Clotilde Jiménez (b.1990 Honolulu, HI; based in Mexico City, México) sources in antique, modern, and contemporary art references to explore the limitations placed on the body in light of race, gender and sexuality. Collage allows him to tell several stories at the same time and to render his own lived experiences through an expansive archive of materials. Although the experience behind Jiménez’s work is subjective, a level of universal symbolism is present, ultimately exploring rigid definitions placed on Black and queer bodies.
His colorful collage materials allude to Western culture through the reuse of everyday materials such as wallpaper, popular clothing brand names, magazine clippings and papers of Mexican craft. The materiality of charcoal allows the artist to construct statuesque marble-like figures that make reference to Greco-Roman sculpture, and the ways male beauty has been interpreted through the lens of a Western art historical cannon.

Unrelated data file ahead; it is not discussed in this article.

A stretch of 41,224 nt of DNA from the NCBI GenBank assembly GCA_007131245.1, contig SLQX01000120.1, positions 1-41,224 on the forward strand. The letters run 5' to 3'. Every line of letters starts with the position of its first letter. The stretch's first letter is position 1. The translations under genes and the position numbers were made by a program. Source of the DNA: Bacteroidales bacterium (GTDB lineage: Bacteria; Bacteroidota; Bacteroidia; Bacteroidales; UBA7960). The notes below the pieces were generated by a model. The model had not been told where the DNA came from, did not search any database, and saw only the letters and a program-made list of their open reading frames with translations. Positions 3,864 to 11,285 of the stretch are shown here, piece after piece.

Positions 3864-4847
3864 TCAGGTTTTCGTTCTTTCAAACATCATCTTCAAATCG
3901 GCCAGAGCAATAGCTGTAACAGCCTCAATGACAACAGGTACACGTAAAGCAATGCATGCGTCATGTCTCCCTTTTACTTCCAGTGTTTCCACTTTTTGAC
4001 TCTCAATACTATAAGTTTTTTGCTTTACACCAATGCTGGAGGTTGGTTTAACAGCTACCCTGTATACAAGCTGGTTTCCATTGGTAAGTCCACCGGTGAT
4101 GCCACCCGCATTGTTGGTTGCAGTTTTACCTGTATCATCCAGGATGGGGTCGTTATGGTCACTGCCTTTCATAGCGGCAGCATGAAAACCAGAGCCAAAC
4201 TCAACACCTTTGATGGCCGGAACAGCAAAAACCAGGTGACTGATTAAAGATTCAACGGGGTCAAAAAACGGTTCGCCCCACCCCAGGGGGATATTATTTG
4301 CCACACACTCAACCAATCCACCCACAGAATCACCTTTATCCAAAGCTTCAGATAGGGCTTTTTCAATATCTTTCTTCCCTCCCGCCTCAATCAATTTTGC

Jiménez has exhibited at The Mennello Museum of American Art, Orlando; Phillips, New York; the Slade School of Fine Art, London; and the Jacob Lawrence Gallery, Seattle. His work is featured in notable collections such as the Ford Foundation, Orlando Museum of art, Hessel Museum of Art, and the Beth Rubin DeWoody collection. He earned his MFA from The Slade School of Fine Art, and his BFA from the Cleveland Institute of Art.